Warrant & Warranty
24/7/18 Warrant & Warranty
These terms sound similar but mean completely different things.
A warrant is an order signed by a judge.
An order signed by a judge that directs owners of private property to allow the police to enter and search for items named in the warrant. Judges won’t issue a warrant unless they have been convinced by the police that there is probable cause for the search — that reliable evidence shows that it’s more likely than not that a crime has occurred and that the items sought by the police are connected with it and will be found at the location named in the warrant. In limited situations, the police may search without a warrant, but they cannot use what they find at trial if the defense can show that they had no probable cause for the search.
A document issued by a judge or magistrate that authorizes the police to arrest someone. Warrants are issued when law enforcement personnel present evidence to judges or magistrates that convince themthat it is reasonably likely that a crime has taken place and that the person to be named in the warrant is criminally responsible for that crime.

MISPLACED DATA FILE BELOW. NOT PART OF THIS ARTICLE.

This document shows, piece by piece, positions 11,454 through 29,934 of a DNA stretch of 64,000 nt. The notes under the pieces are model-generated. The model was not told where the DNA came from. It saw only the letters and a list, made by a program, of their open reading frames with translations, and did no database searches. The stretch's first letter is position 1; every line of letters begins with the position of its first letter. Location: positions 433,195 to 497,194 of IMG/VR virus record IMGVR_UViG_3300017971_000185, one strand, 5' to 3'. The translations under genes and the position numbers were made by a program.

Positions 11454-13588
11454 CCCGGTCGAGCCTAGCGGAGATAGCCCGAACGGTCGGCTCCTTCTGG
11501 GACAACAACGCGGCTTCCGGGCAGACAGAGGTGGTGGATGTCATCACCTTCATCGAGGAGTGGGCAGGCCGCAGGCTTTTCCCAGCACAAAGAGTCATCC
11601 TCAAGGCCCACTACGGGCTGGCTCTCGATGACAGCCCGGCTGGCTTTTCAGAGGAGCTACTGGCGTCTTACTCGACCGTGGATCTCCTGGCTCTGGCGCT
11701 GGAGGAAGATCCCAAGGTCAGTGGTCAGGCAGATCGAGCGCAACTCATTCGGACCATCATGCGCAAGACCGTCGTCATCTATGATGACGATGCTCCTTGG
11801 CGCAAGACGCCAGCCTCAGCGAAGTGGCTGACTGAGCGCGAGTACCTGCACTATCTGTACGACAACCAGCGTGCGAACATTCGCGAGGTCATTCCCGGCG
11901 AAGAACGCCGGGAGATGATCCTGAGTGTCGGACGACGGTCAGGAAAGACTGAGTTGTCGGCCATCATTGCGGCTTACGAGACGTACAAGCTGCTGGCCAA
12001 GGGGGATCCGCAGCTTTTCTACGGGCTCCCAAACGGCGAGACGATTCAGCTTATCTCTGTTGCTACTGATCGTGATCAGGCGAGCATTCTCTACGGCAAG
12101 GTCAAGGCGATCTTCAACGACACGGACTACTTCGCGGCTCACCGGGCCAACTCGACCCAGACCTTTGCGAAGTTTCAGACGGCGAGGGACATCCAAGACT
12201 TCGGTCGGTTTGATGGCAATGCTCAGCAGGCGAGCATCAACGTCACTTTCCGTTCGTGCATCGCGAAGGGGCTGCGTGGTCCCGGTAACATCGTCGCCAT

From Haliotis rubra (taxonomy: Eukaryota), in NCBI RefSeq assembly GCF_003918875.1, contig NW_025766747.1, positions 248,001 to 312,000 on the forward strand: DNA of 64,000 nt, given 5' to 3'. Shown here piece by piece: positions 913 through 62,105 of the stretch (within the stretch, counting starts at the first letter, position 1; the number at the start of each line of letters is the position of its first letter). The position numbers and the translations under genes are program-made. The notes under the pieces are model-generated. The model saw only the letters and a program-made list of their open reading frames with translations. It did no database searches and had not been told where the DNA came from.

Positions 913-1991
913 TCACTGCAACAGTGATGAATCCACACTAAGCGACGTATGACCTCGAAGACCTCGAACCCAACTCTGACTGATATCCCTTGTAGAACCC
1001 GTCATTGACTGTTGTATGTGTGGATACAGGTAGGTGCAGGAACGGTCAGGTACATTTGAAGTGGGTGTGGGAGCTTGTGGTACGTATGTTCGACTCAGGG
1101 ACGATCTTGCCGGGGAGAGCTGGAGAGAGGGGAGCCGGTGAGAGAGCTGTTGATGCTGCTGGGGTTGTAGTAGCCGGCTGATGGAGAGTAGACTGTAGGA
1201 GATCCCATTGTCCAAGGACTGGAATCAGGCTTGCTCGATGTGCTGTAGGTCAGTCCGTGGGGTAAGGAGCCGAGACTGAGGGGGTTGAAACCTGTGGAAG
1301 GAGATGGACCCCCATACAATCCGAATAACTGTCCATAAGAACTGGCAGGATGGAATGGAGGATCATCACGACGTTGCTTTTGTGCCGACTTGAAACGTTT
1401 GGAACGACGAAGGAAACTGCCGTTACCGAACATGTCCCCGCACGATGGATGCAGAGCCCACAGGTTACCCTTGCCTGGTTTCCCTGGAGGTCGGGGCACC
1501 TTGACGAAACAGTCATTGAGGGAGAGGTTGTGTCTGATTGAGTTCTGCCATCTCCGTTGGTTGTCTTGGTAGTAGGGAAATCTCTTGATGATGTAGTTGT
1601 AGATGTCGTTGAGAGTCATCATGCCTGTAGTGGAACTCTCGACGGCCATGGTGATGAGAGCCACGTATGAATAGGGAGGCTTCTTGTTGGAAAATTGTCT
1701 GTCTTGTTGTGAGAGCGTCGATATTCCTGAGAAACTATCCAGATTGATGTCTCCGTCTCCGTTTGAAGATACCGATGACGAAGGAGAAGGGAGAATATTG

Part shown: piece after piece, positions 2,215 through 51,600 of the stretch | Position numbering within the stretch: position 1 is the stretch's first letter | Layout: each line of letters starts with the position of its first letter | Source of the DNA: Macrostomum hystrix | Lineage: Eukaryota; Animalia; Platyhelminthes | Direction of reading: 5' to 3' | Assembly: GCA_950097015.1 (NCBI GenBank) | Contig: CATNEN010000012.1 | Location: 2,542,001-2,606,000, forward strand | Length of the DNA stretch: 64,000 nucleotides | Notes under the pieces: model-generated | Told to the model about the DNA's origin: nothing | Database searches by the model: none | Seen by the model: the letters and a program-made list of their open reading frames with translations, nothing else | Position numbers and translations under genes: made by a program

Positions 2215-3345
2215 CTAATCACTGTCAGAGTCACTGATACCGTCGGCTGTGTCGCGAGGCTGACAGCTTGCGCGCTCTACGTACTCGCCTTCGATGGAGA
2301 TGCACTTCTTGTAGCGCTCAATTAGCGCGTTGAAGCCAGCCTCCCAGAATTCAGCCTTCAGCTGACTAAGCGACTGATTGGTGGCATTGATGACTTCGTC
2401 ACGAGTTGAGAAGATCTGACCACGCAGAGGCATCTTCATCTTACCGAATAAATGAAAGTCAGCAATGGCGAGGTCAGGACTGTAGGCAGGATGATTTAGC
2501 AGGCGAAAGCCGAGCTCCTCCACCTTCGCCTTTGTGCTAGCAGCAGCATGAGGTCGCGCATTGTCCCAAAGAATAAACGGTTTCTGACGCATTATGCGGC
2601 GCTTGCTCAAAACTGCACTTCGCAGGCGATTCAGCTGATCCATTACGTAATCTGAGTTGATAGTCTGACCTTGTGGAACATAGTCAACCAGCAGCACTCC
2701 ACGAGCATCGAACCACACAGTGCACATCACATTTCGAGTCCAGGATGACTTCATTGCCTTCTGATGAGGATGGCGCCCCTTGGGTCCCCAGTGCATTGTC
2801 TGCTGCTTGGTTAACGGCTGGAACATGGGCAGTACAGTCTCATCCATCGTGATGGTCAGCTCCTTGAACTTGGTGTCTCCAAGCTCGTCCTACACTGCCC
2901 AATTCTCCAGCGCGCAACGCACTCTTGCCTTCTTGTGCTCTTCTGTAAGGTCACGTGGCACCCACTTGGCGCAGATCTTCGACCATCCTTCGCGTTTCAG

A promise or assurance that may be express, implied by the circumstances, or implied by law. A warranty might be an express or implied statement that particular facts are true (for example, that merchandise may be used for particular purposes or that the seller has clear title to real estate). A warranty might be a promise to repair property within a certain period of time, or a legal obligation incident to a contract (for example, an implied warranty that leased residential property is habitable).